Business Today

"It's not a luxury to have a buffer in these uncertain times"

Despite a high exposure to the US market, AEGON under Alexander R. Wynaendts, Chairman (Executive Board) and CEO, had only a very small exposure to the toxic mortgages

twitter-logoAnand Adhikari | Print Edition: March 21, 2010

He couldn't stop global insurance, pension and investment giant AEGON from getting hurt in the US subprime meltdown. Yet, the creditable thing was that despite a high exposure to the US market, AEGON under Alexander R. Wynaendts, Chairman (Executive Board) and CEO, had only a very small exposure to the toxic mortgages—it stood at a little over a billion dollars in 2008. Today, Wynaendts' challenge is to grow the company in emerging markets. On a recent whistlestop visit to India, he spoke with BT's Anand Adhikari on the state of the global markets today and AEGON's plans for India. Excerpts:

Global corporations—from GM to Bank of America—are repaying the government the bailout money (GM plans to repay $6.7 billion and Bank of America, $45 billion). How significant is this in indicating a recovery?

It's a very positive sign. Corporations faced an unusual financial crisis post-Lehman, where their respective governments had to come to the rescue. By doing so, they retained the confidence of stakeholders, especially customers, in the financial system. It's good that these corporations are now in a position to pay back the money.

What are the factors you considered before signing a cheque for the Dutch government?

We took the opportunity of taking the state's support when there was unprecedented uncertainty in the market. We wanted to make sure that we had an additional capital buffer just in case the market plunged further. The market actually didn't go down that much. Therefore, in December 2009, we repaid one third of the amount, which is close to e1 billion. We would like to repay the balance e2 billion as quickly as possible.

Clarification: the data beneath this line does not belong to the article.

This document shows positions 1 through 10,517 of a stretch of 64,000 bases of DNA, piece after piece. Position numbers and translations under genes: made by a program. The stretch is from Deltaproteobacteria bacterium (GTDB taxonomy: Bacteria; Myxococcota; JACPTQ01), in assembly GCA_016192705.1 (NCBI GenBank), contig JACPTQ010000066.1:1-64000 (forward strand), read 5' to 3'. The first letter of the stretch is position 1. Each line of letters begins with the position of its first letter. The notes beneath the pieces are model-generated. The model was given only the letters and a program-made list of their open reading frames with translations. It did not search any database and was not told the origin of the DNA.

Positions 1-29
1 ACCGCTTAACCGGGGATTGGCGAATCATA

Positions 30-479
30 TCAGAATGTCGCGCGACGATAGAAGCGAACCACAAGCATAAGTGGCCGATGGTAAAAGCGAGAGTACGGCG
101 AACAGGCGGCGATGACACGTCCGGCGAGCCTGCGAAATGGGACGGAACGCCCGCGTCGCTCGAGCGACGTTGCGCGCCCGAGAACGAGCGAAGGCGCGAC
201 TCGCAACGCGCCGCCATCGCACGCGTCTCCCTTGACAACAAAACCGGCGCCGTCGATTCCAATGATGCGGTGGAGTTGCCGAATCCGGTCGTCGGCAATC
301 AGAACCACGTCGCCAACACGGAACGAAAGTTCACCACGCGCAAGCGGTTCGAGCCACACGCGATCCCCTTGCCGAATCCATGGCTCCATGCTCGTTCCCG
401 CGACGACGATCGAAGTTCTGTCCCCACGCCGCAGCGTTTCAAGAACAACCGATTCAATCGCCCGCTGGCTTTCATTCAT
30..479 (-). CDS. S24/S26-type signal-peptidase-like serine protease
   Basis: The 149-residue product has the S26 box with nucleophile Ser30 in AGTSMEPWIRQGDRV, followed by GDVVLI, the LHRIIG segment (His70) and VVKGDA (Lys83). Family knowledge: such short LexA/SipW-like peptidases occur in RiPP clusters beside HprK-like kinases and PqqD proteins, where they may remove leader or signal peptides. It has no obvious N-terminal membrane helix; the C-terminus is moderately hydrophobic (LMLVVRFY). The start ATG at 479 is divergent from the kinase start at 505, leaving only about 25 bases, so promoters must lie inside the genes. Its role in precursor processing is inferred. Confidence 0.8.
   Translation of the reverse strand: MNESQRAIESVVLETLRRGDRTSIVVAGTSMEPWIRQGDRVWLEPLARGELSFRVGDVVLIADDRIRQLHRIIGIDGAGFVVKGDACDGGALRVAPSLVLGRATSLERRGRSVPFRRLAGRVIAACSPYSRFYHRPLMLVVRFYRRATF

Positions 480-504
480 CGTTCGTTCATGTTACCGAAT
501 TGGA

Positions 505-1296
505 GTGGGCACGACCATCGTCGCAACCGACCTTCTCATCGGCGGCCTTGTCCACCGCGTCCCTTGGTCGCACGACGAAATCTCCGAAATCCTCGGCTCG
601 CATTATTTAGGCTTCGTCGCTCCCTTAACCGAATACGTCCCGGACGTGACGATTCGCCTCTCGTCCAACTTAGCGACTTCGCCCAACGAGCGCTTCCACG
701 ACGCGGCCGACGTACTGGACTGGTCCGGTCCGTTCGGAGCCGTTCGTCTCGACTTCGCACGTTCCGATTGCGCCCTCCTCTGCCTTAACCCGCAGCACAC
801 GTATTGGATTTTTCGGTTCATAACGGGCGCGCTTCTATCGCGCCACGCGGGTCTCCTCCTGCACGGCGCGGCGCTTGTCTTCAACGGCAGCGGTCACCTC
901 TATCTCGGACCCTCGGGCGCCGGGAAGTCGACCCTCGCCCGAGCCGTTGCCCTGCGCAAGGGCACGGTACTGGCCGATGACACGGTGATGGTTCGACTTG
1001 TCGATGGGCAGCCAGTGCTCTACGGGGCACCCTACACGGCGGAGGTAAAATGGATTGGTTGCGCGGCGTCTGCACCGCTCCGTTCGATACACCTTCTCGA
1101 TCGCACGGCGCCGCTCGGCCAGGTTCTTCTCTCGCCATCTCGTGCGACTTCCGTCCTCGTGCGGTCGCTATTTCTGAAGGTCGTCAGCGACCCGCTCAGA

Today, we have a strong capital position. We have a buffer of close to e4 billion, which is well in excess of what is needed for an AA rating. But I also think that it's not a luxury to have a buffer in any uncertain time. Even though markets have moved up in the recent past, you don't know what could happen tomorrow. Events can come up—like the surprise of Dubai (debt crisis), which suddenly scared the market again. We can have other (uncertain events). And we will have other (uncertain events).

Does it make any difference if the government becomes a shareholder in the company?

The government directors are only entitled to have a view on a very limited and specific number of issues, and certainly not on strategy.

There are two government directors on the AEGON Board...

One of the directors was already a member much before the bailout money came into the company. The other is an Independent Director and also a very well respected name in the industry. We have absolutely no interference from the government. They have been very supportive.